“I have studied the case. I am going to withdraw ALL my funds from Guaranty Trust Bank tomorrow morning”. The basis of his angst and consternation was the plight of the proprietor of Innoson Motors at the hands of Guaranty Trust Bank, the EFCC and the Buhari administration. Babatunde’s disgust and repugnance at the way in which the bank and the EFCC behaved accurately reflects the mood and sentiment of millions of Nigerians on this matter. Yet in my view the matter goes much further and deeper than just GTB and the EFCC. They are simply willing puppets, tiny minions and minor players in a much bigger game and a much wider picture. Permit me to cross the “t”s, dot the “i”s, consider the background and look at the facts. In the last one year alone no less than three prominent Igbo businessmen have been arrested, humiliated and detained by the Buhari administration. All three are major employers of labour who fared extremely well under the administration of President Goodluck Jonathan and whose companies have become household names. The first is Cletus Ibeto of Ibeto Cement, a humble, charming, hard-working, low-profile and exceptionally profound and insightful man who I met when I was in detention last year. The second is the ebullient, young and vocal Ifeanyi Uba of Capital Oil and Gas, who later joined politics and who was indeed a member of President Goodluck Jonathan’s campaign organisation in 2015 where we worked closely together. The third is Innocent Chukwuma, the owner of Innoson Motors whose company is the only one in Nigeria that produces cars, who I am told is an absolute gentleman and whom I have never met. These three men are amongst the five biggest and most prominent Igbo businessmen in the country today. The remaining two are Arthur Eze of Atlas Oronto Petroleum International and Emeka Offor of Chrome Oil both of whom have done very well but that have also had their own fair share of persecution and travails over the years. I made a point of doing the research in the cases of Chukwuma, Ibeto and Uba and why they were having issues with the EFCC and the SSS respectively and I came to the conclusion that not only had they done nothing wrong but they were being targeted simply because they were perceived as being “Jonathan men”, because they were deemed as being sympathetic to the PDP, because they were Igbo and finally simply out of envy from ruthless competitors. Given that it came as no surprise to me when, just yesterday morning, I was informed that Chukwuma’s home was raided and tear-gassed by the EFCC and he was arrested and detained in what can only be described as brutal and questionable circumstances. I was reliably informed that officers of the EFCC and the Nigerian Police not only injured many in his home but that they also slapped his wife. Never mind that he was later reportedly offered bail after what can only be described as a gruelling and harrowing period of torment and trauma: the fact is that his home should never have been raided and he should never have been arrested, detained and subjected to this brutal affront and indecorous indignity in the first place. Such was my concern for him and the way in which the security forces had behaved at his home that I was constrained to post the following on both my twitter handle and Facebook page on that same day. I asked, “Why should anybody be surprised about the arrest of the owner of Innoson Motors? They did the same to Cletus Ibeto about a year ago. These people come from the “wrong” part of the country and they are providing a service and employment for Nigerians. They must be punished for it!” I went further by offering some gentle and wise counsel to an old and dear friend by also posting the following: “I have known the MD of GTB, Segun Agbaje and his two older brothers, Femi and Jimi, for close to 40 years and I have immense respect and deep affection for them. I urge him not to expose himself to the shark infested waters of politics by allowing himself to be used by these barbarians to destroy Innoson. If he does he will regret it”. Yet it does not stop there. The matter goes much deeper and further than just the travails of Innocent Chukwuma of Innoson Motors or indeed those of Cletus Ibeto and Ifeanyi Uba. It goes to the very heart and foundation of the fundamental problem of what Nigeria has been turned into by those who believe that they own her. It touches on the nationality question, the quest and struggle for equal rights and opportunities for the various ethnic nationalities that make up Nigeria and the unofficial and unannounced policy of the Buhari administration to treat southerners as slaves and to discredit, crush and malign any Igbo person who aspires to excellence and greatness and who is a source of pride and inspiration to their people. To those that doubt this grave assertion I have one question to ask: can they, under ANY circumstances, imagine or envisage Aliko Dangote of the Dangote Group or Abdul Samad Rabiu of the BUA Group, both of whom are highly successful, extremely wealthy and very well-known northern Muslim Hausa-Fulani businessmen, being treated in this way by ANY Nigerian government let alone one like Buhari’s that was established by the Fulani and solely for the interests of the Fulani? The answer to the question is a resounding “no”. Yet for the southern businessman and particularly for the Igbo one the rules are very different and the treatment that they get from the government and its security agencies are a world apart. As a matter of fact they are unfairly deemed and insidiously labelled as the “fatherless ones” and the “orphans of the corporate world” simply because they are on their own and they have no favour or protection from government. It is clear that any Igbo man that has the temerity and the fortitude to shine and to rise up by dint of conviction, vision, passion and hard work must be humiliated, demonised and denigrated. The story and the theme appear to be a never-ending one and it touches on all spheres of human endeavour in Nigeria. The policy, principle and practice is the same: as long as you are Igbo you are in trouble and in order to survive you must sing the praises of the Buhari administration, bow and grovel to the Fulani, accept your servitude and slavery with stoic ignominy and “bend the knee. In the field of the struggle for self-determination and the quest for the establishment of the independent and sovereign state of Biafra the powers that be did it to the great Nnamdi Kanu, to his IPOB and to MASSOB. In the field of business they have done it to the Chukwumas, the Ubas and the Ibetos of this world. In the field of partisan politics they have done it to countless Igbo elders and leaders who have refused to bow to the Fulani hegemony that the Buhari administration represents. In the field of the Armed Forces, the Nigerian Police Force and the various security and intelligence agencies they have done it as countless Igbo career officers have either been denied promotion and operational command or they have been prematurely retired. Yet all this pales before the fact that thousands of young Igbo men and women have been secretly slaughtered, have been subjected to mass murder and genocide and have been buried in mass graves by agents of the Buhari government and security forces over the last two years and six months. I have written about this over and over again simply because I believe that an attack on the Igbo is an attack on the whole of the south and is indeed an attack on humanity and all right-thinking people. It is also an attack on the Christian faith of which I am a member because virtually every single one of the 50 million Igbos in Nigeria are Christians whilst those that are waging this unofficial and undeclared war against them are predominantly Muslims. That is why the meeting between the Igbo and the Yoruba leaders slated for January 11th in Enugu, under the auspices of Nzuko Umunna and which will be attended by the Obi of Onitsha, the Ooni of Ife, Afenifere, Ohanaeze and all the key Igbo and Yoruba leaders, intelligentsia and politicians from all sides of the political divide is so crucial. The Igbo and the Yoruba must set aside our differences, look at these matters, speak the bitter truth, come together and agree on how to move forward and protect our collective interest. Whichever way it goes and whatever happens the matter shall come to an expected end because the God of Heaven will not sit by idly and allow this injustice and wickedness to go on for much longer. I say this because the blood of the innocent cries to Him in heaven for vengeance and sooner or later He will hear their cry and both deliverance and judgement shall come. In the meantime when I heard about the injustice that Innoson and his family had been subjected to I wrote the following words which came to my spirit and which burn in my soul right up until this very moment. It is a heart-felt and powerful lamentation and it reflects the way virtually every right-thinking and sensitive southerner feels and thinks today about what is happening in Nigeria even though they may be too scared to voice it: “O Igbo what have you done to the sons of Futa Jalon? Why do the heathens rant and rage? Why do the cow-loving aliens and foreign invaders seek to subjugate you and wipe you off the face of the earth? In silent whispers they claim that they have cursed you, that you are not fit to rule or lead and that they hate you with a perfect hatred. Yet in 1966 you saw all this coming. You warned us about what would happen and you tried to do something about it. Sadly we would not listen and we laughed you to scorn. You saw what we never saw. You knew what we never knew. You suffered what we never suffered and you shed the tears that we never shed. 51 years later nothing has changed. They still kill you and rape your women. Only now they have widened the circle and it is no longer just you. They have enslaved the rest of us as well. They kill us too and rape our women. Those of us from the South West, South South and the Middle Belt that joined forces with them to kill you and starve your children to death have now been turned into their slaves and serfs. They kill us too and rape our women as well. They also take our land, shame our children and hate and denigrate our faith. Yet we look on sheepishly and helplessly all in the name of keeping the peace and political correctness: we accept our pitiable plight and we suffer in silence. The Bible asks, “What can flesh do to me?”, yet we ignore this divine injunction and Holy Scripture and bow our heads in trepidation and shame. Our men have become women and we mask our accursed fear of death, destruction and incarceration and our inexplicable awe of our collective oppressors with a shameful and cowardly smile. We readily accept every shame, every insult, every indignity and every act of savagery, brutality, barbarity and callousness that they inflict on us all for the sake of an illusionary, ephemeral, undefined and far-fetched concept known as “One Nigeria” which bears false and delusionary pretentions and claims of nationality and nationhood. We even thank our collective oppressors and captors and we rejoice with them when they denigrate our faith and when they slaughter our children and our beloved in the fields and in the streets. O Southern Nigeria: who has bewitched you? Cowardice is thy name”. May God deliver us! ” (Femi Fani-Kayode 2017) (10) Mr. Femi Fani-Kayode, a Yoruba man and former Minister of the Federal Republic of Nigeria, has said it all. His testimony proves the institutionalised persecution of the Ibos in Nigeria. In his lamentation, he said with tearful heart to the Ibos as follows: “Those of us from the South West, South South and the Middle Belt that joined forces with them to kill you and starve your children to death have now been turned into their slaves and serfs. They kill us too and rape our women as well. They also take our land, shame our children and hate and denigrate our faith. Yet we look on sheepishly and helplessly all in the name of keeping the peace and political correctness:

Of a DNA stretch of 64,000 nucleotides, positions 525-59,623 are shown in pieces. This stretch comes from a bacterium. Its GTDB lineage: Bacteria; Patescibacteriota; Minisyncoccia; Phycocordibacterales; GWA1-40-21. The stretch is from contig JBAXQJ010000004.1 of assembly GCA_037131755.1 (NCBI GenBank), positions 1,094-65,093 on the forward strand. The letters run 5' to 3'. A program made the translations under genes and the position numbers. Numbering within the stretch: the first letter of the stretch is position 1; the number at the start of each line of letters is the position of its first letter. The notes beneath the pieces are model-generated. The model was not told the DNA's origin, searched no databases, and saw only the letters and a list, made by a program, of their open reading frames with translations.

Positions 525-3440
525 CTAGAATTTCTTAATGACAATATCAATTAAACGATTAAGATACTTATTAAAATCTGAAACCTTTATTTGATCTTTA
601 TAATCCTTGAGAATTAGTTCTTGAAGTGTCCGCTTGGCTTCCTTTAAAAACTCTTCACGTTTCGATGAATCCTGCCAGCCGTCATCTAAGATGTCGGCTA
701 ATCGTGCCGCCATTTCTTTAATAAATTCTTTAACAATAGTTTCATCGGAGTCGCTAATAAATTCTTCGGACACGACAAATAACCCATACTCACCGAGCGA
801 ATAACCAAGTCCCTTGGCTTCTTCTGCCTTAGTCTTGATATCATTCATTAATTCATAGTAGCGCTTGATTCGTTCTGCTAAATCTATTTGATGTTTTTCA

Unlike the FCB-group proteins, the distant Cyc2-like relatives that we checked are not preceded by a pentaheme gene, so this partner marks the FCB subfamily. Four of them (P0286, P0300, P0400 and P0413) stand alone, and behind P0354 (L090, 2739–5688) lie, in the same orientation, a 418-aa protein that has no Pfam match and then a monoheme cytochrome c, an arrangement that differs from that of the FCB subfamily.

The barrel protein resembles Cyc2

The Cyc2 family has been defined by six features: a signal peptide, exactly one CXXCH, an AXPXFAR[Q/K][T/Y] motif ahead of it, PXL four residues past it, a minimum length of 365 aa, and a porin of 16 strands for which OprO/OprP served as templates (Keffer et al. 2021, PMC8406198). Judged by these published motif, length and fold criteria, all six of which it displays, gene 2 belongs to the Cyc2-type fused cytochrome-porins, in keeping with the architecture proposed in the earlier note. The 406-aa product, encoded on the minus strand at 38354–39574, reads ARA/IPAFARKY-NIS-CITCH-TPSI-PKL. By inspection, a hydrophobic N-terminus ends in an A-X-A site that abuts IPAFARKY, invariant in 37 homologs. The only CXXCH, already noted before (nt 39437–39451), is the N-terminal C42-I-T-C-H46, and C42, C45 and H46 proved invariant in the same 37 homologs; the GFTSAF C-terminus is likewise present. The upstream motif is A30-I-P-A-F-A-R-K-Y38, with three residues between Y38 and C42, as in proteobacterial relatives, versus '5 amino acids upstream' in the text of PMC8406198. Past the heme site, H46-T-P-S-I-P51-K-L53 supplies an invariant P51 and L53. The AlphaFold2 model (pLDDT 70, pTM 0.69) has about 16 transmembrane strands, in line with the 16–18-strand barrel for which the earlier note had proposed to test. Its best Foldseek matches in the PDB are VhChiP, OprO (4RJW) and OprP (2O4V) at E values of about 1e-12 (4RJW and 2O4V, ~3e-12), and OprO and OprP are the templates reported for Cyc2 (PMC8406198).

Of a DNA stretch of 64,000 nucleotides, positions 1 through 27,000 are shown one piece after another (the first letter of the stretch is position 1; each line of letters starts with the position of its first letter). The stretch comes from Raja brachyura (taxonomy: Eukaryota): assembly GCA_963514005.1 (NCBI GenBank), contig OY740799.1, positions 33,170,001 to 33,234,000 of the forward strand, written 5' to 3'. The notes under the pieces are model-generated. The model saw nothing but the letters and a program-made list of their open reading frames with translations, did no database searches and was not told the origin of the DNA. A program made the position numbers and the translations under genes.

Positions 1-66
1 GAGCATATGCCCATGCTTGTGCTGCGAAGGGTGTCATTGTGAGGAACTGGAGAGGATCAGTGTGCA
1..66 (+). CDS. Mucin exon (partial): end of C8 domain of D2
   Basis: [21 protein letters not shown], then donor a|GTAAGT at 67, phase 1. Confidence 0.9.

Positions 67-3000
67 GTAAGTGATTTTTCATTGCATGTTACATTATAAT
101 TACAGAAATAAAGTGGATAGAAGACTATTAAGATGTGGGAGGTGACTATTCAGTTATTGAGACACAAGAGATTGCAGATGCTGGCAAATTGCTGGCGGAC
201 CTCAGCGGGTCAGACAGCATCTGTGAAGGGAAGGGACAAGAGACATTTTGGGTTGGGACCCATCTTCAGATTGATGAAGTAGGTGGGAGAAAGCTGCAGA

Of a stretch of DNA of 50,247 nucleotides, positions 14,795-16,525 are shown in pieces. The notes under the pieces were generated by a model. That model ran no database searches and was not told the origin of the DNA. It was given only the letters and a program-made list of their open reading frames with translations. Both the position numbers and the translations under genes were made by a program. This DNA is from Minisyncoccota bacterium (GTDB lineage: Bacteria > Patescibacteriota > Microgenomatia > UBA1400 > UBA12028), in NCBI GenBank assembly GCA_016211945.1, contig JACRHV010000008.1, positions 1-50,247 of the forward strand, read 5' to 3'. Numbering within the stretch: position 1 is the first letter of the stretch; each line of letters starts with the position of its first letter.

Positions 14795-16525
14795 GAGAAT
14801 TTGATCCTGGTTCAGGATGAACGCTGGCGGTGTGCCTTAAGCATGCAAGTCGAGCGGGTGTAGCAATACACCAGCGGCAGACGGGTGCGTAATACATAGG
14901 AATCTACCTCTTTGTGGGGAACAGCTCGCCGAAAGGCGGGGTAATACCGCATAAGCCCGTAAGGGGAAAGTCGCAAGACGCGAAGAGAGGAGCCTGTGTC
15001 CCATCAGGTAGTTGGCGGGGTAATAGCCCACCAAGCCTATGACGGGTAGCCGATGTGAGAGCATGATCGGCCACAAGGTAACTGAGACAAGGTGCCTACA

To be continued